Why Google+ is Failing

By Rodney Brazeau
Contributing Writer, [GAS]

Google made a brave effort as the potential Facebook Killer with its own social media website Google+. The complete lack of anything ending in “ville” does make me want to jump to that service, but it seems that despite its initial signup of 90 million people, Google+ is not really killing anything.

It isn’t killing time, and it sure isn’t killing Facebook. Its not even giving Facebook an irritating cold sore.

Wall Street Journal says:

Visitors using personal computers spent an average of about three minutes a month on Google+ between September and January, versus six to seven hours on Facebook each month over the same period, according to comScore, which didn’t have data on mobile usage.

Facebook currently has 845million users. Granted it has been a while since Facebook opened its doors, and it earned its place in the social network hierarchy.

Facebook grew to this unstoppable giant on the flippant failure of other social network giants like Friendster and the still-struggling-to-be-relevant MySpace. While those services were once popular, Facebook is the clear winner here. By “winner” I mean that while everyone else was trying to invent the better social network, Facebook still manages to keep their user base. Every time one of these social networks failed, it was because someone else did something more appealing and everyone started using that instead. Google+ attempted to be better and in many technical ways it is. However, despite its massive early adoption, people just are not continuing to use Google+.

Now Google is always inventive and seems to be unable to do anything wrong, so why can’t Google+ trump Facebook? They are always introducing new features and new tools from a seemingly bottomless pit of ideas. Google+ is not a bad idea or a bad product, but the problem is that Facebook already did that idea. Google+ offers a clean interface with many excellent features that Facebook doesn’t have (friendlist video conferencing for example) without all that clutter of nonsensical app-based games and annoying ads.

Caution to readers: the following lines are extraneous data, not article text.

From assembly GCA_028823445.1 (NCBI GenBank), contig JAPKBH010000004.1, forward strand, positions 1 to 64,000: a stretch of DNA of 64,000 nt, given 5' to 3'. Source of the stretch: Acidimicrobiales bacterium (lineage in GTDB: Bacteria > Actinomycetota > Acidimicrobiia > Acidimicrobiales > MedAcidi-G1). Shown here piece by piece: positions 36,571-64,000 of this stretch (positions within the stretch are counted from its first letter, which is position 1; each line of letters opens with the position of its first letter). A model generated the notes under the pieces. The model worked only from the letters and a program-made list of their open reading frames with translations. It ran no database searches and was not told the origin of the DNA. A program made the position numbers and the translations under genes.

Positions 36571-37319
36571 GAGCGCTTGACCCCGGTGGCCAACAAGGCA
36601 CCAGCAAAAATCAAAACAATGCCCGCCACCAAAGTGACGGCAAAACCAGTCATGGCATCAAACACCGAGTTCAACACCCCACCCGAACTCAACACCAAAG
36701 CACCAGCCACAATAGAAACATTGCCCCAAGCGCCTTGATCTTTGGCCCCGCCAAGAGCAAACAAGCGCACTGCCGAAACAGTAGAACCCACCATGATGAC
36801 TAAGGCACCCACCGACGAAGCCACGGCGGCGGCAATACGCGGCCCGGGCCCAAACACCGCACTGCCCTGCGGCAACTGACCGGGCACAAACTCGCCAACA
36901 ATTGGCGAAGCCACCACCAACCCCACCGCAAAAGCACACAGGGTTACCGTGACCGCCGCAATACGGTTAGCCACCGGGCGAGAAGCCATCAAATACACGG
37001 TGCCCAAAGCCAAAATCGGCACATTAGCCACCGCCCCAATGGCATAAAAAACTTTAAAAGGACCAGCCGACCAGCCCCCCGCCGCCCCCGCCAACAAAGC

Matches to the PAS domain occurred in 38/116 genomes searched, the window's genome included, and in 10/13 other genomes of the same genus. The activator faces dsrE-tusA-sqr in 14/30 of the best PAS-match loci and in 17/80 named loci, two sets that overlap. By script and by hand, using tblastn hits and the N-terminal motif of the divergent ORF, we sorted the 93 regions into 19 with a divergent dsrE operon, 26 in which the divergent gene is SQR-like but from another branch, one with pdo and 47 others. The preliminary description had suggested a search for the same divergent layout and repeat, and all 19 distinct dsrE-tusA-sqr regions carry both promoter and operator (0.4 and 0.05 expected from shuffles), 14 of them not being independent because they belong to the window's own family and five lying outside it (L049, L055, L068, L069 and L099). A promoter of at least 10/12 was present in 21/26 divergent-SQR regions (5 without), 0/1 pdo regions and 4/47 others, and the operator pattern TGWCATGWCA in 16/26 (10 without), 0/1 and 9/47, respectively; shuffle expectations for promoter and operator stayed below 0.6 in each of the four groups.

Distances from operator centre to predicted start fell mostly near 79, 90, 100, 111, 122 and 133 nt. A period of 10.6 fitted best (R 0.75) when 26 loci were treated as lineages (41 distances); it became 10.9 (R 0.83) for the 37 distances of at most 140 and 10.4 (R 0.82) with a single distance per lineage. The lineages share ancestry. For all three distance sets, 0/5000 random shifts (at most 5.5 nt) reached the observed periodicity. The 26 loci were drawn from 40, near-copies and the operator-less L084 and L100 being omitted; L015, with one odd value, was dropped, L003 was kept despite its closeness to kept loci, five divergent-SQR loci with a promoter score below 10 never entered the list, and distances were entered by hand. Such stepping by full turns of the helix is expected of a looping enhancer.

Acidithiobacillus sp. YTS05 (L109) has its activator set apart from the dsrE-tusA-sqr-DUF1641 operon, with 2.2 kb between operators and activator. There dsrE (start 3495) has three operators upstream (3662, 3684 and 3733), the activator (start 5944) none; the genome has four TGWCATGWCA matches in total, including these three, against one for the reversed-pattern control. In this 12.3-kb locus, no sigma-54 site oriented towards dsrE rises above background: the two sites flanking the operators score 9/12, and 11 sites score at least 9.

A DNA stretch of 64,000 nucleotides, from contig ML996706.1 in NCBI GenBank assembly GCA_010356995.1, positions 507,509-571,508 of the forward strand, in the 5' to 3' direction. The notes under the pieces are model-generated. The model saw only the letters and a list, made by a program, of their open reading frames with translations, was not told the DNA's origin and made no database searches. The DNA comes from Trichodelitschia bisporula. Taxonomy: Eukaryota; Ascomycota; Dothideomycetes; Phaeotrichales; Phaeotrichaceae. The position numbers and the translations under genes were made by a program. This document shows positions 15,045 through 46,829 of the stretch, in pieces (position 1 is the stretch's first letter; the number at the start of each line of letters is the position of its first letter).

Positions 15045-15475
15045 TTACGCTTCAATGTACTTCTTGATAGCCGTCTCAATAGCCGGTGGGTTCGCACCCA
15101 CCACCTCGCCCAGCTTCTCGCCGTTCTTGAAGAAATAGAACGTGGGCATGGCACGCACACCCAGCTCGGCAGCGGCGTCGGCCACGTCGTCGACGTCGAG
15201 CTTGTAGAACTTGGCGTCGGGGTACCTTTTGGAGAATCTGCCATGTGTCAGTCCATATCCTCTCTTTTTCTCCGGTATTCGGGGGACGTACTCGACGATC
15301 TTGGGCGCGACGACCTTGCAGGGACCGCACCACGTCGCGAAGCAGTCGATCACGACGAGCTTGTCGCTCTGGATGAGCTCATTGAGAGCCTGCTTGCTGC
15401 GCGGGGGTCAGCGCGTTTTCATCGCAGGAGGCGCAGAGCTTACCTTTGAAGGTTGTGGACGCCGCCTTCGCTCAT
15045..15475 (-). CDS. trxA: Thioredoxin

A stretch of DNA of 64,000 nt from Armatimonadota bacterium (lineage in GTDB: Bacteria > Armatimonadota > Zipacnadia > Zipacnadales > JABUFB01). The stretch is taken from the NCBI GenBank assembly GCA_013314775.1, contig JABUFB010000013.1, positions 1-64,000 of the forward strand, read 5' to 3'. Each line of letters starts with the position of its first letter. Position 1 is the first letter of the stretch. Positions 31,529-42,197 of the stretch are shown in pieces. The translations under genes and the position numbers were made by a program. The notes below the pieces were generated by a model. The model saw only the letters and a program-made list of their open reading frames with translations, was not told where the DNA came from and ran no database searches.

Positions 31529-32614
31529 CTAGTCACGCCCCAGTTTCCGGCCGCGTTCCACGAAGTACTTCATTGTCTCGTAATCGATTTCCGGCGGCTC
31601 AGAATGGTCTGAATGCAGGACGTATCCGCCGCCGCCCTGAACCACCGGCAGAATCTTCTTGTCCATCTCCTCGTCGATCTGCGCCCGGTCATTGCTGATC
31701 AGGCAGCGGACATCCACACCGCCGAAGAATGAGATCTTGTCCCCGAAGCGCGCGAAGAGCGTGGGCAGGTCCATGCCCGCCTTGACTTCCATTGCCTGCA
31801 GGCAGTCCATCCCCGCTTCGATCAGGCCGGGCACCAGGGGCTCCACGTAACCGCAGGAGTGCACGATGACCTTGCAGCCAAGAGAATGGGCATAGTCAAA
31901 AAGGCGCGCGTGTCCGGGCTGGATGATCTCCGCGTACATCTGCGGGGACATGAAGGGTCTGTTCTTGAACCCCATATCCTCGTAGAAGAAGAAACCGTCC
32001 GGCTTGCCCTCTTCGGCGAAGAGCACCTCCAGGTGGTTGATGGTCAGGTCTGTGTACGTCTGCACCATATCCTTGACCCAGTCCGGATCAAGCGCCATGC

But guess what Google+ doesn’t have. Your friends.

That’s right. This is the ultimate failure of Google+. People are not using it. It has nothing to do with its features and everything to do with population. There is a significant number of people registered on their service, but it’s not registered accounts that matter. It is how often those users actually use the site. Google+ doesn’t even have as many daily visitors as MySpace has. MySpace is considered past tense in the Social Networking world and it still has more interaction and visitors than Google+.

And here’s the kicker:

You know all those changes they make that just get everyone SO MAD that they have to chirp about it on their status updates? Or how they carry on repeatedly about how they hate these changes? This only helps Facebook maintain relevance in this market. I guarantee you that each and every one of those changes are honestly crafted by the people at Facebook with the improvement of the site in mind. Opinions vary on the effectiveness of these changes, but the service is evolving with its users. If they DIDN’T make changes a cutting edge service like Google+ may be what everyone is using next.

But people complain about these things in their status and hope for their friends to validate their grievances. This only further perpetuates the effectiveness of social networking!

We use social networking to connect, and to connect you need connections. If you don’t have an audience on Google+ then there is no connection. No network.

There may come a day when people say “Remember Facebook” like we now say “Remember Friendster?” but sadly, that day isn’t today, and it isn’t Google+ that is doing it.

I don’t know anyone with a Google+ account that doesn’t still use Facebook. I have a Google+ account and the ONLY people in my list there are also in my list on Facebook.

The only two people I know that have “given up” on Facebook entirely are using apps that will populate their Facebook accounts with their Google+ status updates and links. I think more than anything, this proves my point.

Sorry Google. We love you a whole lot, but the party was already happening at Facebook’s house when you sent your invite. All my friends (and vague acquaintances) are already here.

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